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HCTL Spotlight: Joshua Kaye

DLA Piper_Photo_Joshua Kaye-spotlight

The HCTL Spotlight is a series of interviews with lawyers who practice healthcare transactional law, providing an in-depth look at the professionals within the field.

Joshua Kaye is a Partner in DLA Piper’s Miami, FL, office. He concentrates his practice in healthcare mergers and acquisitions and the development of innovative business models within the healthcare industry.

Where are you from?

I live in Miami, FL.

Where did you receive your undergraduate?  Where did you study law?

I received my undergraduate from the University of Florida. I studied law at University of Miami School of Law.

How and why did you get into healthcare transactional law?

Coming out of law school, I wanted to practice in a niche area that required specialization. The health care industry requires understanding and managing a complex web of evolving federal and state laws, the intricacies of an industry, and the interplay among a diverse set of healthcare providers, payors, and investors. As the chair of DLA Piper’s health care sector, we have developed a client-centric approach that allows us to match our Firm’s attorneys and other resources to our broad range of clients in the health care industry by the establishment of the following four primary areas of excellence: (1) the deployment of capital into the health care industry (i.e., private equity, venture capital, finance/credit), (2) health systems, physician groups and other providers, (3) payors, and (4) vendors, health care information technology and entities that service providers or payors.    There is never a dull moment and it takes considerable time to keep up to pace with the ever-changing health care laws and developing trends in the healthcare industry. Doing so allows me to be a trusted advisor and valuable extension of a client’s business team which is a privileged and honorable position to earn.

Are you involved in any volunteering efforts? If so, what?

Yes. DLA Piper is deeply committed to pro bono. In fact, the firm is one of the largest providers of pro bono legal services in the world. I volunteer in a number of different efforts. One of the more meaningful is my work with the Jim Moran Institute for Global Entrepreneurship – Entrepreneurship Bootcamp for Veterans with Disabilities. I regularly speak to post-9/11 veterans who have disabilities resulting from their service to our country, talking about legal and business issues they may encounter when starting a business.

Have you received any awards or recognitions? 

  • Repeatedly named in Chambers USA, which graciously has said I earn a “ten out of ten” from clients
  • Florida Bar Board Certified Health Law Attorney
  • Repeatedly recognized in The Best Lawyers in America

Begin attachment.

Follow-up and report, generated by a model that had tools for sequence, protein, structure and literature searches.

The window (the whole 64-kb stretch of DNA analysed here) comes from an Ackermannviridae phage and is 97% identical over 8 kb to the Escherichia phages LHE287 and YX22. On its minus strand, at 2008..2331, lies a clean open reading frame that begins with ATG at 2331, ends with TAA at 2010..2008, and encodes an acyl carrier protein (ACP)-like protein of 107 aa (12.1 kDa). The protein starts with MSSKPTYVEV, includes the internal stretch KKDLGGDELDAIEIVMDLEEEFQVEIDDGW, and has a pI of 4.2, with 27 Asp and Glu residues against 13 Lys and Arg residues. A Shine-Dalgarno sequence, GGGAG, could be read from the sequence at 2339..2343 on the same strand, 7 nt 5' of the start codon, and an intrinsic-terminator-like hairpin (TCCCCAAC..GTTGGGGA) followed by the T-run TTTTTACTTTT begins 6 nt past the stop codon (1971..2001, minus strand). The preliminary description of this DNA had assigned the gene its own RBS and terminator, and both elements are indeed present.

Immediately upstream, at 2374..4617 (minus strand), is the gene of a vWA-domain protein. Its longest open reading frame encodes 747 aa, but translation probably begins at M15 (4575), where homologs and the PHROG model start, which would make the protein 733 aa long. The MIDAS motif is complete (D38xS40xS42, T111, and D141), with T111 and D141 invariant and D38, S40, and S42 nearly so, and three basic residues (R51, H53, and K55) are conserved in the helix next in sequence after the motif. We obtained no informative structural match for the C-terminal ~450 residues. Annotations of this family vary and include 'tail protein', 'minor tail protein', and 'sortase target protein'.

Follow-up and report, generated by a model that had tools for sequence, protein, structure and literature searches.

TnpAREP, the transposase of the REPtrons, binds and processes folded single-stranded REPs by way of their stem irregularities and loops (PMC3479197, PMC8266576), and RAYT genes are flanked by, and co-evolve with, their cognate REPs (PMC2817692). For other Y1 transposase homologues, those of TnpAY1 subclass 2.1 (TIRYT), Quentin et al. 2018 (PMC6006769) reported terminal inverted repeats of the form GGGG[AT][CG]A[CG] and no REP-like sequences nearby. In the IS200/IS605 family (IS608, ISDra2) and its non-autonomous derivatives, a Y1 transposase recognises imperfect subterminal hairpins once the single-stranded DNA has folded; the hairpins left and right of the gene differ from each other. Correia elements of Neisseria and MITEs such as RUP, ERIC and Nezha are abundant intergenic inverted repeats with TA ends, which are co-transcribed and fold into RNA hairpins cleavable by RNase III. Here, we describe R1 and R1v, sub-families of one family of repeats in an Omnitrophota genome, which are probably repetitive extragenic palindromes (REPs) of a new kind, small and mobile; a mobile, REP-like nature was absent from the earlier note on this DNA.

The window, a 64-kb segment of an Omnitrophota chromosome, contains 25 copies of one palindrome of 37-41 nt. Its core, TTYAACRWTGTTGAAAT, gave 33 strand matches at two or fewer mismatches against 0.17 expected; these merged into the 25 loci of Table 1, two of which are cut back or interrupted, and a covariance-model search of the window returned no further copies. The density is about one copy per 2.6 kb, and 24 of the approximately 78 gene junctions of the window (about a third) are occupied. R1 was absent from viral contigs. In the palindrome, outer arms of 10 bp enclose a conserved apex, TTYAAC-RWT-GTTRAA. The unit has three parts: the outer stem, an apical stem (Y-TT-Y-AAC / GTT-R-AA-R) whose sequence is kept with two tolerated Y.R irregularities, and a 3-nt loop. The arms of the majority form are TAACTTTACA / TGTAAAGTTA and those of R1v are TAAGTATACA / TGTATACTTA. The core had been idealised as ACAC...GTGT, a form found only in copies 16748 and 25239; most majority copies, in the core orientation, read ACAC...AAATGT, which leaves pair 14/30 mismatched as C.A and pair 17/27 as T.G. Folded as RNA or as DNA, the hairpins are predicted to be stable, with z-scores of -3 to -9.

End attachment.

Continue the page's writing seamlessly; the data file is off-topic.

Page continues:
• Named in The Legal 500 United States
  • Law360‘s “Rising Stars” list, recognizing lawyers under the age of 40 with impressive legal accomplishments in their respective practice groups – one of only three healthcare lawyers honored by Law360
  • Daily Business Review’s 2014 “Rising Stars” list, recognizing lawyers under the age of 40 with impressive legal accomplishments
  • Cystic Fibrosis Foundation 40 Under 40 Outstanding Young Lawyers of Miami-Dade County

What do you like to do in your spare time?

With four children and serving as co-chair of DLA Piper’s healthcare sector, spare time is truly hard to come by. I am an avid sports enthusiast and believe that playing team sports really teaches valuable lessons about coping with success and failure in both business and life. I enjoy coaching my sons’ sports teams and attending my daughters’ gymnastics competitions and ballet rehearsals. It is so moving to watch my children succeed at something they have worked hard at, and also moving to help them cope with the agony of defeat when things don’t work out. I also enjoy traveling, snorkeling, and of course a dinner with clients, friends and colleagues to celebrate a closing or other momentous occasion.

Who has influenced you the most?

My mother, Dina, who unfortunately succumbed to pancreatic cancer in 2002. She gave so much to her community, could befriend anyone and always found the good virtues of a person. She stressed the importance of a close-knit family, communication as a means to resolve conflicts, the value of a good education, and understanding differing points of view. All of these are values I find so important to my career, family life, and personal well-being.

What do you love the most about what you do?

Figuring out new solutions to complex issues. I recently was engaged by a healthcare company that had been using other counsel to try to get a deal done over the course of 14 months. The previous counsel had been unable to navigate all the business and legal complexities that the deal presented. Within 90 days of being engaged, we were able to quickly assess the situation and drive a successful outcome. The sense of accomplishment associated with driving a successful outcome and the camaraderie that I share with my team and a client is just awesome.

What do you do better than everyone else?

First and foremost, listen; then find a practical and innovative solution. So many clients and lawyers prefer to rely upon a solution or structure that may have worked in a prior project without understanding the subtle differences in the facts of a new project. But health care transactions and compliance are entirely built around each unique set of facts. By keenly listening, I find myself to be in a better position to find common ground between parties, drive a successful negotiation or outcome, and build practical compliance safeguards to mitigate health care regulatory hazards. I’m not sure that makes me better but it certainly makes what I have to say worthwhile to consider.